When you see an opponent digging a hole for themselves, don’t interfere – let them keep digging. The prime minister’s central involvement in the chronic Liberal preselection stoush in his home state of NSW has put the government’s re-election at risk. This is because survival depends on the Coalition picking up enough seats from Labor in NSW to offset expected losses in other states.
Yet Morrison has stubbornly prioritised preselection protection for his unpopular factional ally Alex Hawke over getting the NSW division of the Liberals election-ready. While the NSW court of appeal gave Morrison a victory of sorts this week when it dismissed a claim that the hand-picking of candidates was invalid, the damage within the party has been done and bitterness remains.
This kind of “precipice” politics is extraordinary so close to a poll: the printing of corflutes and campaign literature featuring candidates for a number of seats awaited the exhaustion of legal challenges to Morrison’s plan.
Providing Labor lets Liberal infighting in NSW speak for itself, there will be dividends to the opposition in a populous state with a large number of seats.
4. Labor should continue its ‘smart target’ policy approach and showcase its best frontbenchers prominently in the campaign
Learning from errors last time round, Labor can avoid becoming the subject of a large-scale fear campaign by keeping policy strategic, straight-forward and easily communicated to voters. There is no equivalent this time of Labor’s complicated 2019 franking credits policy or uncosted climate change policy, both vehicles for damaging coalition attacks.
Further, Labor has a higher performing frontbench than last time. Albanese has done a better job than his predecessor Bill Shorten in matching the best frontbench talent with the right portfolios to show Labor as an effective alternative government.
Several strong performers, such as Shadow Treasurer Jim Chalmers in the vital economic sphere and Shadow Foreign Minister Penny Wong in the sensitive foreign policy area, showcase Labor’s readiness for office.
They and talented colleagues should feature strongly in Labor’s paid advertising, letting voters know Albanese has a strong frontbench and signalling that his government, in contrast to Morrison’s, won’t be dysfunctional.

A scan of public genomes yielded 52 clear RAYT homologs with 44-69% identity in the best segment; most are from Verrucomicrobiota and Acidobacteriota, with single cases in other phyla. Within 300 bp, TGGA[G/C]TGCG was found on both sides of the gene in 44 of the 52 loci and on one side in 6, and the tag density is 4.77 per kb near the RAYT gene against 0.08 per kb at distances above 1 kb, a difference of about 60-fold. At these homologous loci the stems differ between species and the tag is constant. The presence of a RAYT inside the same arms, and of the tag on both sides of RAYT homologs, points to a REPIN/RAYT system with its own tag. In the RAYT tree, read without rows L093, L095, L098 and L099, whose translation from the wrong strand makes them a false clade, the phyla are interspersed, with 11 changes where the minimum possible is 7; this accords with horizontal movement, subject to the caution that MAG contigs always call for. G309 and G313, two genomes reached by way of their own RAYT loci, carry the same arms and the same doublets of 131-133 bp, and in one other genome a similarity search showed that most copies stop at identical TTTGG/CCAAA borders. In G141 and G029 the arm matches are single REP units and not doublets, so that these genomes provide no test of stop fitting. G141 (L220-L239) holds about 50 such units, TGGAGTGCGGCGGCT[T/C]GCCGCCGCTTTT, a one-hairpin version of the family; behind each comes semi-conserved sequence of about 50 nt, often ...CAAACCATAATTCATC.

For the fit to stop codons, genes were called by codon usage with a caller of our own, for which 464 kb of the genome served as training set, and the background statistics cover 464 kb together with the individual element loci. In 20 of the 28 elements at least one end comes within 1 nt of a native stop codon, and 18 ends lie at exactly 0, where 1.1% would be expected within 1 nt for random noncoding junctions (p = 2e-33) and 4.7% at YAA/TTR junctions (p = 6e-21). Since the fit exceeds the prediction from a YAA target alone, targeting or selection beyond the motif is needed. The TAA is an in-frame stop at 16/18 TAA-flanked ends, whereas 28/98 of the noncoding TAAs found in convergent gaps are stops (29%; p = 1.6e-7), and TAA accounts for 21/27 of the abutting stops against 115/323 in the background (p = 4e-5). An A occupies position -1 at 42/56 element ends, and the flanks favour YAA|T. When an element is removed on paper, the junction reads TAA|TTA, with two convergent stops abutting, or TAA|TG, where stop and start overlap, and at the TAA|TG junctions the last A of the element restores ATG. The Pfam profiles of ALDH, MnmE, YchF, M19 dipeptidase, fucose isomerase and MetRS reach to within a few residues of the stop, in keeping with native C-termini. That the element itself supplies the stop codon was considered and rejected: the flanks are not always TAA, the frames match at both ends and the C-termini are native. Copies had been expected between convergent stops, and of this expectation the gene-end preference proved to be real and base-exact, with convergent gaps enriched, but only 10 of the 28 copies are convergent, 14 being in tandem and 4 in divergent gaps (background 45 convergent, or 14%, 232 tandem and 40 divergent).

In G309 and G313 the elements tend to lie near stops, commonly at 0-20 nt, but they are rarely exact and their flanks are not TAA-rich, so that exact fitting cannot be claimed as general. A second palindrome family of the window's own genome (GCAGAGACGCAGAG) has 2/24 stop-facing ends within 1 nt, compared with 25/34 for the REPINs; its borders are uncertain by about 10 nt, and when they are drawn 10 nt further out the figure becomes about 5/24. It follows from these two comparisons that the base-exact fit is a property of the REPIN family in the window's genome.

5. Albanese should draw on voter goodwill by association with Labor’s successful state premiers
Voters strongly supported the approach of state premiers during the most dangerous phases of the COVID-19 pandemic. Most of these were Labor premiers, who benefited in opinion polls and at the ballot box for keeping citizens safe.
Queensland Labor Premier Annastacia Palaszczuk won her third election in a row. Western Australian Labor Premier Mark McGowan was re-elected with a majority so big the Coalition was reduced to just two MPs in the WA parliament’s lower house.
Liberal premiers who replicated the Labor premiers’ approach, and pushed back against Morrison’s pressure to open up early, did well. Those who went with the Morrison approach were punished: Liberal South Australian premier Steven Marshall lost office last month, and the minority government of NSW Premier Dominic Perrottet is deeply unpopular and clinging to power by a thread.
The Labor brand has benefited from the Labor premiers’ pandemic leadership. Albanese should subtly encourage perceptions he is from the same mould, being seen with them in judicious quantities, to get some spillover benefits by association.
Chris Wallace has received funding from the Australian Research Council.
– ref. How Labor can win the 2022 election – https://theconversation.com/how-labor-can-win-the-2022-election-179750